By: Steve Smith
We’ve discussed various times how interest rates are set to rise, possibly faster than fed funds futures are currently pricing, and how higher rates could be the undoing of the bull market. Today’s investing advice explores the possibility more deeply.
Our concerns are currently being borne out, as yesterday Jerome Powell, the new head of the Federal Reserve, held his first press conference following the expected 25 basis rise in Fed fund rate.
Powell struck a no-nonsense tone, displaying his determination to continue on a path of normalization. In other words, a higher interest rate environment. Stocks initially rose, but as the implications sunk into investors’ brains, shares began to suffer.
U.S. Treasury securities across the maturity spectrum are reaching yield resistance levels that have proven for decades to be extremely valuable to investors engaged in technical analysis.
I believe it is possible that the reaction of interest rates to these resistance levels will hold important clues about future economic activity and the direction of the stock market.
While it is certainly possible that Treasury yields meander and prove these decade-old technical levels meaningless, strategic planning for what is certainly a heightened possibility of large asset moves is always wise.
Many investment pundits are scoffing at the recent increase in Treasury yields. Since record low yields were set in mid-2016, the ten-year U.S. Treasury note has risen by about 1.50%. When compared to increases of three to five percent that occurred on numerous occasions over the last 30 years, it’s hard to blame them for barely raising an eyebrow at a mere 1.50%. What these so-called experts fail to grasp, is that the amount of financial and economic leverage has grown rapidly over the last thirty years.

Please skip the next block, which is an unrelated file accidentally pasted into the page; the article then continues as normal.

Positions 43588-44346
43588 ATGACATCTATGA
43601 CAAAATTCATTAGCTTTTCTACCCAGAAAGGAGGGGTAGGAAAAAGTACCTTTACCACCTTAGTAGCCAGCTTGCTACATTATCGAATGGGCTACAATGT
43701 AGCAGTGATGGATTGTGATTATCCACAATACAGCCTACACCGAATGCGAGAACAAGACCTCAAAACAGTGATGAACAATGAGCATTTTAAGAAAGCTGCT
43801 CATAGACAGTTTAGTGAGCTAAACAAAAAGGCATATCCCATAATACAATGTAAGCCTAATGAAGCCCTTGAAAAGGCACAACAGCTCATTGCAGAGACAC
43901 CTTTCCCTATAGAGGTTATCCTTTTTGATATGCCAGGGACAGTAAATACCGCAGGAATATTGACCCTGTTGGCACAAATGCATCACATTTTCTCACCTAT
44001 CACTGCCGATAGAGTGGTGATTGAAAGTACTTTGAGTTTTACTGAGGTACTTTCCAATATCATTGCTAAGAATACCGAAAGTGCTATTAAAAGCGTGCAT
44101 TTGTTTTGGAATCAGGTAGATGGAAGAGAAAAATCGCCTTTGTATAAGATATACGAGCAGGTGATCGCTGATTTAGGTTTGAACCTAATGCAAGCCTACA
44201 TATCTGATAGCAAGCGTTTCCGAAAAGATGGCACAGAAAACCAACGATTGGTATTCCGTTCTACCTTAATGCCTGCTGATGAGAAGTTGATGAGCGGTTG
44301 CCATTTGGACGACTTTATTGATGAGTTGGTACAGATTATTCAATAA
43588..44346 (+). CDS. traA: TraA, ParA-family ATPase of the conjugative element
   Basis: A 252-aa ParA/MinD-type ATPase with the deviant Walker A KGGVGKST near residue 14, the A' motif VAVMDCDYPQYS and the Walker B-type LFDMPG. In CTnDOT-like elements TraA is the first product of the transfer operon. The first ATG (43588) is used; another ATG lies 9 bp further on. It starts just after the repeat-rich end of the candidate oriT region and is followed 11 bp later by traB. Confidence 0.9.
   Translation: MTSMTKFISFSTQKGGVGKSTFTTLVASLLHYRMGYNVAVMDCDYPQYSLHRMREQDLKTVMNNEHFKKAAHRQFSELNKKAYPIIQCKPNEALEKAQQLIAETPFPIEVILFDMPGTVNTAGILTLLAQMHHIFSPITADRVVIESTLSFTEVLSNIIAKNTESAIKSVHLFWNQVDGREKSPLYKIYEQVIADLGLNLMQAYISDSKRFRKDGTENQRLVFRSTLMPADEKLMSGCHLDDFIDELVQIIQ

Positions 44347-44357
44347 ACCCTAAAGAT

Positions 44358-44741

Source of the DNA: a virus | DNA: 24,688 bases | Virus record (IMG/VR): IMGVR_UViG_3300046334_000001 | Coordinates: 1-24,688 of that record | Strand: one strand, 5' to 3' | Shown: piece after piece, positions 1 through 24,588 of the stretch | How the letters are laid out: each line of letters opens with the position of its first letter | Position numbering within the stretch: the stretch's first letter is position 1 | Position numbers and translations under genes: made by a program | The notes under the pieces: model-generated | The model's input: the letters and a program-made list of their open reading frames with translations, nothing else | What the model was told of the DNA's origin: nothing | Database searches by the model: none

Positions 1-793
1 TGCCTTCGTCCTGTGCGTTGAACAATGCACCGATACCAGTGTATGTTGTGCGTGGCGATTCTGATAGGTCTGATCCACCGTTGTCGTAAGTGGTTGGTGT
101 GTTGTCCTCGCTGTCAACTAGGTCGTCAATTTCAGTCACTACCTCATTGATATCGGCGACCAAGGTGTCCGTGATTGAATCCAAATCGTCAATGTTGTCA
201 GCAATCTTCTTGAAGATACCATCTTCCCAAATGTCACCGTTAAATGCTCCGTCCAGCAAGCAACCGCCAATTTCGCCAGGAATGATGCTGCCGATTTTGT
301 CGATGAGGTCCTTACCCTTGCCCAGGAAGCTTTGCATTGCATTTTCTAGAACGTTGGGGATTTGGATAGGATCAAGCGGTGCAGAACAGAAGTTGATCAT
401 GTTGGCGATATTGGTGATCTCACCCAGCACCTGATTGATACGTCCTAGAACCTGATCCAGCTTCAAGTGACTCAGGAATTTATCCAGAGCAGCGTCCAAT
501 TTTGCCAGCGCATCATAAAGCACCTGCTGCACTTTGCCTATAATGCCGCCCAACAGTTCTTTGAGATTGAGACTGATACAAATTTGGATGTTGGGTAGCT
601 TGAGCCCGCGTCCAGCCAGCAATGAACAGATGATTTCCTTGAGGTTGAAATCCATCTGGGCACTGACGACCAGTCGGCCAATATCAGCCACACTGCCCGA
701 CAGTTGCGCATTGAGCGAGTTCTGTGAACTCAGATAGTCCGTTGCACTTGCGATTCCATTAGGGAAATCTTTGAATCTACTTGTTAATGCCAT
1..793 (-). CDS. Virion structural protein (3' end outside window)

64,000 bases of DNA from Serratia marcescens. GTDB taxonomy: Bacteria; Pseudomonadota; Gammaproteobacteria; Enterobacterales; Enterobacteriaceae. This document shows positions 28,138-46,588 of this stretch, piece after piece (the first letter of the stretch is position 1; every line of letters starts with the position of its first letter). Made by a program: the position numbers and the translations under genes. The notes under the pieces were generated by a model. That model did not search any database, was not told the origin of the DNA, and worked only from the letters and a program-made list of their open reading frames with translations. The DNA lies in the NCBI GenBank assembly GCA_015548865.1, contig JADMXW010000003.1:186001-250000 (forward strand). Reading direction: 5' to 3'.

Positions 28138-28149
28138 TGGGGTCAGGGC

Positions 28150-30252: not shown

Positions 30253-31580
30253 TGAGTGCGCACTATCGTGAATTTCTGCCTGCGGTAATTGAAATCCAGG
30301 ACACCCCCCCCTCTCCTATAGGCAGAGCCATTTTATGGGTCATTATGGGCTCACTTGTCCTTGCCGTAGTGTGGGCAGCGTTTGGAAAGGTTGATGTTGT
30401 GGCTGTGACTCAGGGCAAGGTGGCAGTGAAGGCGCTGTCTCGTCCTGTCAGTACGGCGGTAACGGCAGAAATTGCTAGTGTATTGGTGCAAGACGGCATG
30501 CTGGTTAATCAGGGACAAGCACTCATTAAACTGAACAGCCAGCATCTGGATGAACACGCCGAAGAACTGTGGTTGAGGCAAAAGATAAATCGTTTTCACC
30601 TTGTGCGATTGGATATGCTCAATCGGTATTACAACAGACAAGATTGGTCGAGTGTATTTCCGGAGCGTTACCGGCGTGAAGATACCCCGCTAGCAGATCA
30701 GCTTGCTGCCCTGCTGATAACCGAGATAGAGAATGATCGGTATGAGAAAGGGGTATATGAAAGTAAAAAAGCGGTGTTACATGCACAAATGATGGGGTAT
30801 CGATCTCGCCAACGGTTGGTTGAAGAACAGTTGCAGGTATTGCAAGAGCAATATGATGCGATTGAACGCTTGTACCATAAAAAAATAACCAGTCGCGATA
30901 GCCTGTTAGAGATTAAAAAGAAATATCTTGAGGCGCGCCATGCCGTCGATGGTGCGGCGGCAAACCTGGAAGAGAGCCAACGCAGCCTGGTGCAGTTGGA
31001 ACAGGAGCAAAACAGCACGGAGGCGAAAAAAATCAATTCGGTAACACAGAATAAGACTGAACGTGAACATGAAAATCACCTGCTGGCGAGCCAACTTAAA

As such, it now takes a much smaller increase in interest rates to slow economic growth, raise credit concerns, reduce the ability to add further debt and generate financial market volatility.
The 1.50% increase in interest rates over the last two years is possibly equal to or even more significant than those larger increases of years past. In this article, I look back at how the economy and assets performed in those eras. I then summarize potential economic and market outcomes that are dependent on the resolution of current yields against their resistance levels.